Amazing Students Profiles

John DeGenova

John DeGenova

Law student John DeGenova has brains and brawn. As an undergraduate at UGA, he was a walk-on varsity football player and a recipient of the UGA Foundation Fellowship, the university’s most prestigious scholarship. Now a UGA law student, he is building on his undergraduate experiences. DeGenova believes some of the most valuable knowledge one can bring to the practice of law is knowing there are different sides to every issue. He sees the art of examining each side as an important aspect of the law, and it’s a skill he says he learned while studying abroad during his Foundation Fellowship and through his participation in the Studies Abroad in the Caribbean and South Pacific Program. DeGenova also cites playing football for Georgia Bulldog Coach Mark Richt as instrumental in helping to get ready for the enormous amount of schoolwork required of law students. Being a former Bulldog taught him about perseverance and determination—two much-needed qualities—as well as how to develop a strong sense of self. In his free time, he cooks and plays saxophone. After graduation, he plans to practice international law.


New Orleans, Louisiana

High School:

Jesuit High School

Degree objective:

Juris doctor

Other degrees:

Bachelor of Science, psychology with minors in biology and Latin, University of Georgia

Expected graduation:

Spring 2009

University highlights, achievements, awards and scholarships:

I count my experiences as a walk-on varsity football player and Foundation Fellow as the highlights of my UGA career so far. The Foundation Fellowship has afforded me tremendous opportunities to travel the world and enrich my education. For instance, my trip to southern Italy allowed me to explore my Italian heritage and study the ruins of Pompeii and Herculaneum to finalize my Latin minor. As a varsity football player, I was honored to receive the Senior Scholar Award, three All-Southeastern Conference Academic Honor distinctions, and the UGA Block of Granite Award. I would be remiss not to mention my summer internship with Congressman Jack Kingston through the Honors in Washington program, especially since it spurred my desires to attend law school. While an undergraduate, I was also a member of the Golden Key and Phi Kappa Phi Honor Societies and a brother in Phi Gamma Delta Fraternity. Now, as a law student, I am honored to be the recipient of the Law School Association and Ramsey Memorial Scholarships.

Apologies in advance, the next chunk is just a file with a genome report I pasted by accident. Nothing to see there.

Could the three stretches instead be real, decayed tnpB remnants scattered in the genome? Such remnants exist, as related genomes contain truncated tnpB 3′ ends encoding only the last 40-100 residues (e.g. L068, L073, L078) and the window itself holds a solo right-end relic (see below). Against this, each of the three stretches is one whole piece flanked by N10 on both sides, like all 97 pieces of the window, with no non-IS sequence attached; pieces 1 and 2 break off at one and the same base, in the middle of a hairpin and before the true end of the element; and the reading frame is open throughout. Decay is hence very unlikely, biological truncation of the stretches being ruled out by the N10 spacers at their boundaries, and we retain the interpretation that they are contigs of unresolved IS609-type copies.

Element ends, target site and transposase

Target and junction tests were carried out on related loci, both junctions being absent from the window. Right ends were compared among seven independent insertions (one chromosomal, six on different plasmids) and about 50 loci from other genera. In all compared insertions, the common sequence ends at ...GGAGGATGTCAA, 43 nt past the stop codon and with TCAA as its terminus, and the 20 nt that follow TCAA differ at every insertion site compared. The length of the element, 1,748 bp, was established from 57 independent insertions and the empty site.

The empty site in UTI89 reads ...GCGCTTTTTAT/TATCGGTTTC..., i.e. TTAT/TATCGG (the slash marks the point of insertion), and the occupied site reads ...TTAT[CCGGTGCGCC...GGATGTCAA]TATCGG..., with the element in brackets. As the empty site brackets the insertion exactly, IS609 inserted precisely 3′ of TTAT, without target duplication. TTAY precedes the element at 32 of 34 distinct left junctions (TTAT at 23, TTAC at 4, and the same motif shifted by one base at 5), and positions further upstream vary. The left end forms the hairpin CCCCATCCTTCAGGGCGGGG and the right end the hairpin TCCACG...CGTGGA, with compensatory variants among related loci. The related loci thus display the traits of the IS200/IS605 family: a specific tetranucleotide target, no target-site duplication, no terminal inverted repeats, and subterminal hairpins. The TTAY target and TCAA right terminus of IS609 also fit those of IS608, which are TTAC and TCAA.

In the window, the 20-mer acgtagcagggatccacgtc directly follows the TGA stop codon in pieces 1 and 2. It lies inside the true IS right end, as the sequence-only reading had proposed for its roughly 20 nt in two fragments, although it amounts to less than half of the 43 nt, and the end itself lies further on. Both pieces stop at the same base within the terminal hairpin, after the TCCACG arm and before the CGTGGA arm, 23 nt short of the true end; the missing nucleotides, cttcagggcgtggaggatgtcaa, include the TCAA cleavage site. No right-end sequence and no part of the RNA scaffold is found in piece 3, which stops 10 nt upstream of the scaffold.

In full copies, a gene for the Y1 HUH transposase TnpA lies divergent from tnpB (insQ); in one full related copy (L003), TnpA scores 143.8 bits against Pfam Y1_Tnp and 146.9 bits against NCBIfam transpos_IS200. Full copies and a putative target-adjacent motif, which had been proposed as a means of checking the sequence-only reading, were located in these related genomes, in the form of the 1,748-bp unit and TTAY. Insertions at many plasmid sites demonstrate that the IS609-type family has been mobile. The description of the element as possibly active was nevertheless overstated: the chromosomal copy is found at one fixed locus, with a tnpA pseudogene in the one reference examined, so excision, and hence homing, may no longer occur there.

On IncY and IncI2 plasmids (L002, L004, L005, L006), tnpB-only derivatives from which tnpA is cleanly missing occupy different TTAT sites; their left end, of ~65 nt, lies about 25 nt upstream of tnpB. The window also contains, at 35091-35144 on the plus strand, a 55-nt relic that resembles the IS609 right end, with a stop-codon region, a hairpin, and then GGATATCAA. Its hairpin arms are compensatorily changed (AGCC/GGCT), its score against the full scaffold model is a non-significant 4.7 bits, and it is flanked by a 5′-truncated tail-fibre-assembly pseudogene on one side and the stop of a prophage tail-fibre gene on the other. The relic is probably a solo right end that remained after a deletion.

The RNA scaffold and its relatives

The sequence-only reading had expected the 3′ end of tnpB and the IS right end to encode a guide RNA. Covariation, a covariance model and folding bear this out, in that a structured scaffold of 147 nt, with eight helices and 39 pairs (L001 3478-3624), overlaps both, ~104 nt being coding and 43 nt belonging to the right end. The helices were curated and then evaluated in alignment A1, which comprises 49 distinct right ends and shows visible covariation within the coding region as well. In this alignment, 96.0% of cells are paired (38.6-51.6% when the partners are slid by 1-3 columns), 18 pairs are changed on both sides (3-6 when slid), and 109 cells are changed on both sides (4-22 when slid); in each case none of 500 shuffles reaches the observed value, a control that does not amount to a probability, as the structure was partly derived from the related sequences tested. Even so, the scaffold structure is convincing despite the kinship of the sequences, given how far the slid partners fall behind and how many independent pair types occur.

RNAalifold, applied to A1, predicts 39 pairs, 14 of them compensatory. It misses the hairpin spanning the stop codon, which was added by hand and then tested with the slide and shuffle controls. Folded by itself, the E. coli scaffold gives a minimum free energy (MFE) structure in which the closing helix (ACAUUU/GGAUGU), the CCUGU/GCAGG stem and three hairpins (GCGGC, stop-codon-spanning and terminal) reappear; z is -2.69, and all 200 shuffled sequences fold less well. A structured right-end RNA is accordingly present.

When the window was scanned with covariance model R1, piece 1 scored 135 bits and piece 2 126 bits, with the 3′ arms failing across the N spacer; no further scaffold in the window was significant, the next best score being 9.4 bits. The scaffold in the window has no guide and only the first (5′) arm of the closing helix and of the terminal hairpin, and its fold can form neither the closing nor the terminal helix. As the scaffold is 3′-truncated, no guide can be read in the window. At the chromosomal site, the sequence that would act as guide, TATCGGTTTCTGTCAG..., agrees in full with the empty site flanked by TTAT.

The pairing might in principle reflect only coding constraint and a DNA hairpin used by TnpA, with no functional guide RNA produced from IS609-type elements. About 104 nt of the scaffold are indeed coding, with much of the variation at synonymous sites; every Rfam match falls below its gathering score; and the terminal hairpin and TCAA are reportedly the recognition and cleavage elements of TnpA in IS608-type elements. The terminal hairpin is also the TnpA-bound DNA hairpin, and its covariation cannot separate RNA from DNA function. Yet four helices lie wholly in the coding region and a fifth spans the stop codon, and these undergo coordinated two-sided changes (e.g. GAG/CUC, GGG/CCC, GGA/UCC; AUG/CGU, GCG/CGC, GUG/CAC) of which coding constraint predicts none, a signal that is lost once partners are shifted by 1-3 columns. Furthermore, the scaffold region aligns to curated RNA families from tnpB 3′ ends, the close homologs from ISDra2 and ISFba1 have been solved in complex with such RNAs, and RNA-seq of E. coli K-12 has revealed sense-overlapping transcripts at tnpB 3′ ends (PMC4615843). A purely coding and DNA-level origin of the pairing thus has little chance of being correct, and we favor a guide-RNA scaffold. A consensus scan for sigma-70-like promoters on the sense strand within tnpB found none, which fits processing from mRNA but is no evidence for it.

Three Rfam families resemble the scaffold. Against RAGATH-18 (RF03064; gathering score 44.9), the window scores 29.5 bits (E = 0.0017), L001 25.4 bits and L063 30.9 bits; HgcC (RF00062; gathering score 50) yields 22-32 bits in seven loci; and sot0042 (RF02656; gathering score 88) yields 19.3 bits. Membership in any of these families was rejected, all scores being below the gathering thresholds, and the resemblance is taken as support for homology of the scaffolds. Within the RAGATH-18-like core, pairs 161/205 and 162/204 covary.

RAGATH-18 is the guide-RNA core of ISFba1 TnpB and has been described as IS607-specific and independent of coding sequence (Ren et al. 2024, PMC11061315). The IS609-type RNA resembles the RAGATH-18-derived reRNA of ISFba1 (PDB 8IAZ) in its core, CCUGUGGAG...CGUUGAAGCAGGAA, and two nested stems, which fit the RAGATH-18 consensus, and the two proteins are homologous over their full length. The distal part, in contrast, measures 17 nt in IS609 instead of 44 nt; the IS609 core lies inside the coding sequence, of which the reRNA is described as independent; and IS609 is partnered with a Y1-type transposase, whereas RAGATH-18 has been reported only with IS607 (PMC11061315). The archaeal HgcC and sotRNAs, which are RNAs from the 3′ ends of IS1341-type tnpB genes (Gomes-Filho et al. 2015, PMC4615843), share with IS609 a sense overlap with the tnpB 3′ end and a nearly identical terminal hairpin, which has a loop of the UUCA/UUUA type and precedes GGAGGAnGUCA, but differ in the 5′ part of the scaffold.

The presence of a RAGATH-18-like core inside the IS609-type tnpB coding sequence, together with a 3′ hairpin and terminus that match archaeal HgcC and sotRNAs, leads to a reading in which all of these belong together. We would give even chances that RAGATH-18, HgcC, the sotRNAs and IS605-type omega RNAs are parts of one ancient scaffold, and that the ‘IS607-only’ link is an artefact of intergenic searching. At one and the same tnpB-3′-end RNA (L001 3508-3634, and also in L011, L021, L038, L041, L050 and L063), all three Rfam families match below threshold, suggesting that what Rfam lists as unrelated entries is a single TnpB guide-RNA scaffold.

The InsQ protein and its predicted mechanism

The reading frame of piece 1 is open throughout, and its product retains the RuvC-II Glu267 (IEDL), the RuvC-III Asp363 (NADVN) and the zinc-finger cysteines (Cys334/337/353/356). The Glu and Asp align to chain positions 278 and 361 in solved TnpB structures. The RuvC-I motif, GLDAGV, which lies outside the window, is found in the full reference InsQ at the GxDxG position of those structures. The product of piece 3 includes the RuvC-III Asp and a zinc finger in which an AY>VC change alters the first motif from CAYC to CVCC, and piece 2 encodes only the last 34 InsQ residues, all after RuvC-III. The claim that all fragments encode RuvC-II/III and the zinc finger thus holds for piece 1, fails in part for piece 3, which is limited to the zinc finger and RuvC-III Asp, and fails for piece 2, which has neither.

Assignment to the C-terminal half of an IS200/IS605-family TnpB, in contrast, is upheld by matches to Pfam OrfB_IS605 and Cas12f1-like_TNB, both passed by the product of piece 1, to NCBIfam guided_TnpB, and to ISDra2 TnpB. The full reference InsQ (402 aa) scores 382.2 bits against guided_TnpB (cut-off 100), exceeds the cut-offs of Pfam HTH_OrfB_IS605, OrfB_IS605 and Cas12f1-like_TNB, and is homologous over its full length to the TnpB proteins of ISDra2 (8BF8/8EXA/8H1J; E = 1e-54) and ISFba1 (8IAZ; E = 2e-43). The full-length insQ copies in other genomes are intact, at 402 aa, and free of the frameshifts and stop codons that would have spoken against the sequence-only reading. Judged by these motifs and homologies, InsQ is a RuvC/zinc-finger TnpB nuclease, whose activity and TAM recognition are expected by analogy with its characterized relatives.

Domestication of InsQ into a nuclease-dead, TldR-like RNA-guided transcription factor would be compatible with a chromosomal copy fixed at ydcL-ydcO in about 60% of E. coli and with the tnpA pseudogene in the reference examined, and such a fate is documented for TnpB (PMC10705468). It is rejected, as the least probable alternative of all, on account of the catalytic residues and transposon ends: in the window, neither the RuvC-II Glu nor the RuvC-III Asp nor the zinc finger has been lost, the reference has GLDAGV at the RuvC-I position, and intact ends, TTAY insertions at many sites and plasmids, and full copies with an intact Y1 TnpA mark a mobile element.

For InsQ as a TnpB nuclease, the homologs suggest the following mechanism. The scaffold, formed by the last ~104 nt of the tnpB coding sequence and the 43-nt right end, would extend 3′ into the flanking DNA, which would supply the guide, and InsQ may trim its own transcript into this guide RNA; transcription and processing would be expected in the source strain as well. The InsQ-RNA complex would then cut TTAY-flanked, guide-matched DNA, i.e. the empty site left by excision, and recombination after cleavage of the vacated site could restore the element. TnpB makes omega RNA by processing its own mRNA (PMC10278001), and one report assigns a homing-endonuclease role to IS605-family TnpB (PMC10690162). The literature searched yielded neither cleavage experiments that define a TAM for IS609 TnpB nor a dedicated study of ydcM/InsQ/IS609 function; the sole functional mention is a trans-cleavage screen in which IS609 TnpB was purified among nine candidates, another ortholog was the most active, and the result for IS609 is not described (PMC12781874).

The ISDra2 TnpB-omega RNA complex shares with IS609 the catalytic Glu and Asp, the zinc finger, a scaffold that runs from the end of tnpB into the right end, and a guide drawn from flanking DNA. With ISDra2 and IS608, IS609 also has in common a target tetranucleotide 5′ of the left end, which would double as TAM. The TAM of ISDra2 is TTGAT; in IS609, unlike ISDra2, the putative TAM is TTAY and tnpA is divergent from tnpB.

Current Employment:

In the spring of 2006, I served as the teaching assistant on the UGA Studies Abroad in the South Pacific Program. For twelve weeks I aided Michael Tarrant in guiding thirty UGA students on the South Island of New Zealand and Queensland, Australia. Incorporating aspects of anthropology, ecology, geography, and international affairs, the program explored the diverse, natural environments of New Zealand and Australia and the human impact on them. Tramping through rainforests, hiking on glaciers, and snorkeling on the Great Barrier Reef were wonderful experiences; but none of these was as rewarding as the relationships I developed with the students. As far as first jobs after graduation go, I could not have asked for anything more. Last summer, I clerked at the law firm of Troutman Sanders in Atlanta, Georgia.  I have accepted a position to clerk at the law offices of Hogan and Hartson in Washington, D.C. for this coming summer.

Family Ties to UGA:

My younger brother, Matthew, is a freshman at UGA this year.

I chose to attend UGA because…

I made the decision to attend UGA on a weekend visit to Athens in the spring of my senior year of high school. Having just completed the Foundation Fellows Interview Weekend, I was able to unwind at the G-Day spring football game. After I spoke with Coach Richt, I knew that UGA was the perfect place for me. No other school could provide me with the unique combination of travel and academic opportunities afforded by the Foundation Fellowship and the tremendous traditions and brotherhood of Georgia Football.